It is within the remit of God’s worship that the test of humanity largely exists. And since worship is a broad term, testing manifests itself in various ways, such as faithfully following the Lord’s commands; keeping away from prohibited acts; struggling to lead a life based on goodness, morality, truth and justice; showing great perseverance in the face of difficulty and hardship; and building an ideal society, making use of resources and facilities God installed on earth for your sake. In doing all of that, you are on the right track. This is basically the main function of human beings on earth.

Europe’s Enlightenment has gradually reoriented Western mentality from the meaning in life to Man-centred outlook. Later on, this outlook, theoretically placed in the heart of modern project, has been de-centred and superseded by purely natural and nihilistic-centred outlook. Man has been absorbed in the realm metaphysics, reducible to nature. 

Spinoza  compared man to a piece of stone thrown by a powerful hand, and as it cruises in space, the poor little stone thinks that it is actually moving of its own free-will.  Newton compared the whole world to a perfect machine, a clock that keeps on ticking endlessly and uniformly, without any divine or human intervention.

Erich Maria Remarque, a German novelist wrote, “I am young, I am twenty years old; yet I know nothing of life but despair, death, fear, and fatuous superficiality cast over an abyss of sorrow. I see how peoples are set against one another, and in silence, unknowingly, foolishly, obediently, innocently slay one another. I see that the keenest brains of the world invent weapons and words to make it yet more refined and enduring. And all men of my age, here and over there, throughout the whole world see these things; all my generation is experiencing these things with me. What would our fathers do if we suddenly stood up and came before them and proffered our account? What do they expect of us if a time ever comes when the war is over? Through the years our business has been killing; — it was our first calling in life. Our knowledge of life is limited to death. What will happen afterwards? And what shall come out of us?” (Erich Maria Remarque, All Quiet on the Western Front, 1929).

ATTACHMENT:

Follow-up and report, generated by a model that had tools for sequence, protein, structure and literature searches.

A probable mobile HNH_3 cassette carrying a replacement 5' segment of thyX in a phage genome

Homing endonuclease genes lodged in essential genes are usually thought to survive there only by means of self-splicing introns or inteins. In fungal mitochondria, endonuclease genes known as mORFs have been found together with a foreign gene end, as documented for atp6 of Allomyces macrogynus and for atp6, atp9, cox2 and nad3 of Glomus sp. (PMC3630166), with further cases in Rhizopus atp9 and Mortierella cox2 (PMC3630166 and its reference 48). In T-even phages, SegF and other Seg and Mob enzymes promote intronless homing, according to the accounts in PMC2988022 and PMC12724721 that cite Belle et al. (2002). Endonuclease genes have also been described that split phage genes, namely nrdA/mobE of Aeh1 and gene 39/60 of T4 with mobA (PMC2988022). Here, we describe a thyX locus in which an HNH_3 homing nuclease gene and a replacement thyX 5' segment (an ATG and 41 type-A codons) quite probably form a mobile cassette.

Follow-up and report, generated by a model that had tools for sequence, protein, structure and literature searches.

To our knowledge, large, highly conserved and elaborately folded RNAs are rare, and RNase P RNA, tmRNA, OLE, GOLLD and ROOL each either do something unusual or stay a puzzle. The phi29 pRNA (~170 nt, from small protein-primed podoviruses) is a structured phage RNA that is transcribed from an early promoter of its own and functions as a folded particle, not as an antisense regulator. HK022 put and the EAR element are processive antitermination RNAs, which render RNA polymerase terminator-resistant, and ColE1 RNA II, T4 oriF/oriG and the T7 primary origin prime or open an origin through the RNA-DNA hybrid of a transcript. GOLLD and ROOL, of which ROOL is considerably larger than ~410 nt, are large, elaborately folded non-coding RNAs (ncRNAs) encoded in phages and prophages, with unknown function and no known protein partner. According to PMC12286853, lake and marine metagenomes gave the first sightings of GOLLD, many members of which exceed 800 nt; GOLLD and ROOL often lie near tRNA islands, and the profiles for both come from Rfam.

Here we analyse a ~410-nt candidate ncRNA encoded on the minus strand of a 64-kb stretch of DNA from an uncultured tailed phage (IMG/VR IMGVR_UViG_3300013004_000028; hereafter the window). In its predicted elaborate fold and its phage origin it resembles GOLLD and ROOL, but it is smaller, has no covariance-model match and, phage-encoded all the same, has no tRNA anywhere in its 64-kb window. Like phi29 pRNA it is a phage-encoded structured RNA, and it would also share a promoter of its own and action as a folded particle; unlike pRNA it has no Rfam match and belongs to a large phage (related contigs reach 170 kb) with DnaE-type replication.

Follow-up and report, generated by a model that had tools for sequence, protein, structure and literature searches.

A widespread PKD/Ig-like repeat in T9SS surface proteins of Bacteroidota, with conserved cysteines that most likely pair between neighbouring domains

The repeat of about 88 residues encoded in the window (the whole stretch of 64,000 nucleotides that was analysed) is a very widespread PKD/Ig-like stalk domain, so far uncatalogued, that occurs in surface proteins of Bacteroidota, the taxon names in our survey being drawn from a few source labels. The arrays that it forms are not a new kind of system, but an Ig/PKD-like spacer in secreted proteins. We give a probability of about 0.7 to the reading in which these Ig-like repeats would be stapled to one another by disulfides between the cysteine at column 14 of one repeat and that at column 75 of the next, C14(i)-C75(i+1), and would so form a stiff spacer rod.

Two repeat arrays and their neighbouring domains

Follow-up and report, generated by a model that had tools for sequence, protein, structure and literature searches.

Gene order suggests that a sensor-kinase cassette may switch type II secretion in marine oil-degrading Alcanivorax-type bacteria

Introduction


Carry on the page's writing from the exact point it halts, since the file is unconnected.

The Protestant theologian-philosopher Paul Tillich, spoke of  the ANXIETY OF MEANINGLESSNESS. He traced it to the modern world’s loss of a spiritual centre which could provide answers to the questions of the meaning of life. Suffering is the result of living without purpose or faith. The knowledge that man was alone caused anxiety because the responsibility for making whatever values there were came entirely from man. Man was free — free to choose without reference to God or an ideal world of essences — but his freedom was a dread freedom, involving crushing responsibility and the eternal threat of non-being.***

Leave a Reply